U.S. Secretary of State, John Kerry, made a reference, on two separate occasions, to the Munich Agreement of 1938 as he endeavoured to elicit support for President Barak Obama’s policy in Syria. During a conference call with Democratic Party members of the House of Representatives on the 2nd of September, Kerry told them that they faced a “Munich moment” as they weighed whether to back President Obama’s call for a limited military strike against Syria. Speaking in Paris on the 7th of September, during a press conference, Kerry described the situation in Syria as “our Munich moment.” The Munich Agreement, and the policy of appeasement it represented, is one of the most widely used historical analogies by decision-makers and their advisers in shaping foreign policy, and in selling it to the wider public at home and abroad. The logic of this comparison runs as follows: a dictator with aggressive intentions has to be stopped, as early as possible, the way the dictators of the 1930s were not. The policy of appeasement that was pursued by Britain and France in the 1930s in order to accommodate those dictators, particularly the German leader, Adolf Hitler, was a failure and millions of people paid with their lives for it. Following World War II, Munich became a by-word for appeasement, which, in turn, became a by-word for surrender. Just by invoking the term “Munich” both the speaker and his audience knew what was meant by it. Few words in political parlance became so laden with historical connotations as this one did.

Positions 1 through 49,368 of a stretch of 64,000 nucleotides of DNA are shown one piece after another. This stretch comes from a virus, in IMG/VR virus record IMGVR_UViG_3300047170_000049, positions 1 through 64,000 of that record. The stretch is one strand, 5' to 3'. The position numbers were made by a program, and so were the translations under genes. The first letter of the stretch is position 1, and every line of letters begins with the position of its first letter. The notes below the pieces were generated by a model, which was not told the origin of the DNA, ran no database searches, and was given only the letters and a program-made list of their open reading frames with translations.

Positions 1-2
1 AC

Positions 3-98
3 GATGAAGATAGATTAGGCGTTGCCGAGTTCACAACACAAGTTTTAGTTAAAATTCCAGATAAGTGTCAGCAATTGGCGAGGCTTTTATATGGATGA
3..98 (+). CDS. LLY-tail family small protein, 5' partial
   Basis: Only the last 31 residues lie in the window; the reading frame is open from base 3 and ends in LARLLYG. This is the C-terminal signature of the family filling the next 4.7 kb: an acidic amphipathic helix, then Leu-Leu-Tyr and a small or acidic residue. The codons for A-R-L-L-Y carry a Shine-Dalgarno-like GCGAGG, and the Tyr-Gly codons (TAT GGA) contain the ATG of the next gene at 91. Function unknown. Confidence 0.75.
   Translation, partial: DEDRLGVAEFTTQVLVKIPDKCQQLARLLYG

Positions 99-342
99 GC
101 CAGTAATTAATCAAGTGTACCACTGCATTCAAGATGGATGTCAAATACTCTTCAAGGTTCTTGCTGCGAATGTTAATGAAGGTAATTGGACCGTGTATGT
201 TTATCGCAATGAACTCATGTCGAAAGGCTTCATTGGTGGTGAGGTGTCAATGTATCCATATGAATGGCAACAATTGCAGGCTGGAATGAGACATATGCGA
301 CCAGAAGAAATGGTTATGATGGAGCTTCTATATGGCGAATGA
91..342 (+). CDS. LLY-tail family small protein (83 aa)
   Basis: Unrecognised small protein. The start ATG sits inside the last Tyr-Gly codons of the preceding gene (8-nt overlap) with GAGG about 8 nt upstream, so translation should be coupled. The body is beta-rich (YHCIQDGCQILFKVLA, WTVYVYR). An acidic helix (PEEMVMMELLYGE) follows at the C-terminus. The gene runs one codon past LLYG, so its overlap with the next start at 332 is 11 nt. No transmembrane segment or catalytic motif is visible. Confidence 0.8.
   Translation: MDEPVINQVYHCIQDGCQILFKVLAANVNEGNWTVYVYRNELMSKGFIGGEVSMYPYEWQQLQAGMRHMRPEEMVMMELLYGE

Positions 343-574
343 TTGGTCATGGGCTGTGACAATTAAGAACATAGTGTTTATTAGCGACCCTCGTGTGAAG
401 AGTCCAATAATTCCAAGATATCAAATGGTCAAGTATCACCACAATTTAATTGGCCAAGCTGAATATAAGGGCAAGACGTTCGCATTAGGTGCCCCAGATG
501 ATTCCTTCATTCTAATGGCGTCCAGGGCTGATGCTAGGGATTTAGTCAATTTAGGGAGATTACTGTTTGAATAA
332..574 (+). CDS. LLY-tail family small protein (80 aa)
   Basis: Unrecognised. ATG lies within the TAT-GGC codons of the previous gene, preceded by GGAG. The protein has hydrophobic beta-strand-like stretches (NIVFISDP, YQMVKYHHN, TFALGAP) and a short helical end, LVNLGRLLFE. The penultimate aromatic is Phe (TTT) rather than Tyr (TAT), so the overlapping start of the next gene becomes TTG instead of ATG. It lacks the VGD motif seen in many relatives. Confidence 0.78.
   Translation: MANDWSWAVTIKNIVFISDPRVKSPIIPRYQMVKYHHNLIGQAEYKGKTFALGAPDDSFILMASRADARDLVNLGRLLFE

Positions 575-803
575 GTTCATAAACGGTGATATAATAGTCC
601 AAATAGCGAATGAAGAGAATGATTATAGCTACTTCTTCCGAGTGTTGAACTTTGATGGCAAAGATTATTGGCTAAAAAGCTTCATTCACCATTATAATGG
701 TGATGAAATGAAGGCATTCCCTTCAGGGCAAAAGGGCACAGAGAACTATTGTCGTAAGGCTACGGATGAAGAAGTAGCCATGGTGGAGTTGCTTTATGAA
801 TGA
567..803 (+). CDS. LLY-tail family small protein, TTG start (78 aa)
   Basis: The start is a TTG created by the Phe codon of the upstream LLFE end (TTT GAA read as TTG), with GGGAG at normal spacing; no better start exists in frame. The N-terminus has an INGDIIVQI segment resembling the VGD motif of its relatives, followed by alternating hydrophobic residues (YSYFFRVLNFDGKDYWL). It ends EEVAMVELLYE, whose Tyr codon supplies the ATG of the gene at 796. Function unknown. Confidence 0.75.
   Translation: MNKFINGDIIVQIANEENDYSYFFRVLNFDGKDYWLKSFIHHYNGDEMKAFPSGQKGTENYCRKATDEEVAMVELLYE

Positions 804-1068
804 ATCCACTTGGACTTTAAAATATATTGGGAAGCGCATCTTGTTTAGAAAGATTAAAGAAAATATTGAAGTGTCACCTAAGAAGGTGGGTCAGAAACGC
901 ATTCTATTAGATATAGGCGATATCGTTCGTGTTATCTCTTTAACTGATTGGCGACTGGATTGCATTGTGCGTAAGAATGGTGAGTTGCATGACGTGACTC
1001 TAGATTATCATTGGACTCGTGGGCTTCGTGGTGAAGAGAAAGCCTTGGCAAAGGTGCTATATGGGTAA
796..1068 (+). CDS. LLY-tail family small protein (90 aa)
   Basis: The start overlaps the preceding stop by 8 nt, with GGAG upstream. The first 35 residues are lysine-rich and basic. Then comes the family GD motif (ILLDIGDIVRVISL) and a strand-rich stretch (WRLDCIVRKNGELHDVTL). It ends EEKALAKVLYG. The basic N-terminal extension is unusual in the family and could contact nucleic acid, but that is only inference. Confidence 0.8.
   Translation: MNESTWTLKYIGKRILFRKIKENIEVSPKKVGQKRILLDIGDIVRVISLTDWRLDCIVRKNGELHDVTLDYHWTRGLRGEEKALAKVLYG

The notion that a stable Middle East is dependent predominantly on a tiny country like Israel and on its conflict with the Palestinian Arabs being resolved was never particularly convincing. Now, as the so-called Arab Spring has entered its second year, it seems to be less persuasive than ever before. One has to look at it in terms of cause and effect, inferring logically what would have happened had Israel and the Palestinian Authority reached a final agreement. Let us assume, for the sake of argument, an agreement between Israel and the Palestinian Authority was reached prior to the emergence of the so-called Arab Spring. Following such an accord, what would have happened in Syria? Would the cruel civil war now taking place in that country not have occurred? Would the Assad regime have behaved any differently towards those opposing his rule? Would they have conducted themselves any differently towards his regime? Would the Iran-backed-Hezbollah not have intervened directly in that civil war?

Much has been written about how the media misreported the Israeli elections and I want to briefly dispel two particular misconceptions. 1) The majority of Israelis did not vote against Benjamin Netanyahu. Polls indicate quite clearly that a majority of Israelis wanted to see Netanyahu as Prime Minister. Many voters, though, were opposed to the newly created alliance between his Likud Party and former foreign minister Avigdor Lieberman’s Israel Beyiteinu Party.

Public International Law tends to elicit from many people a cynical response; from many others a dogmatic attitude. International Law is thus seen by the first as irrelevant and unrealistic and by the latter as deserving a religious-like adoration. Neither position is warranted by reality.

One of the most persuasive international relations theories is Democratic Peace Theory (DPT). In this blog, my question here is whether DPT can be analysed from the perspective of the “English School” of International Relations. I argue that there is a strong conceptual basis from which to do so.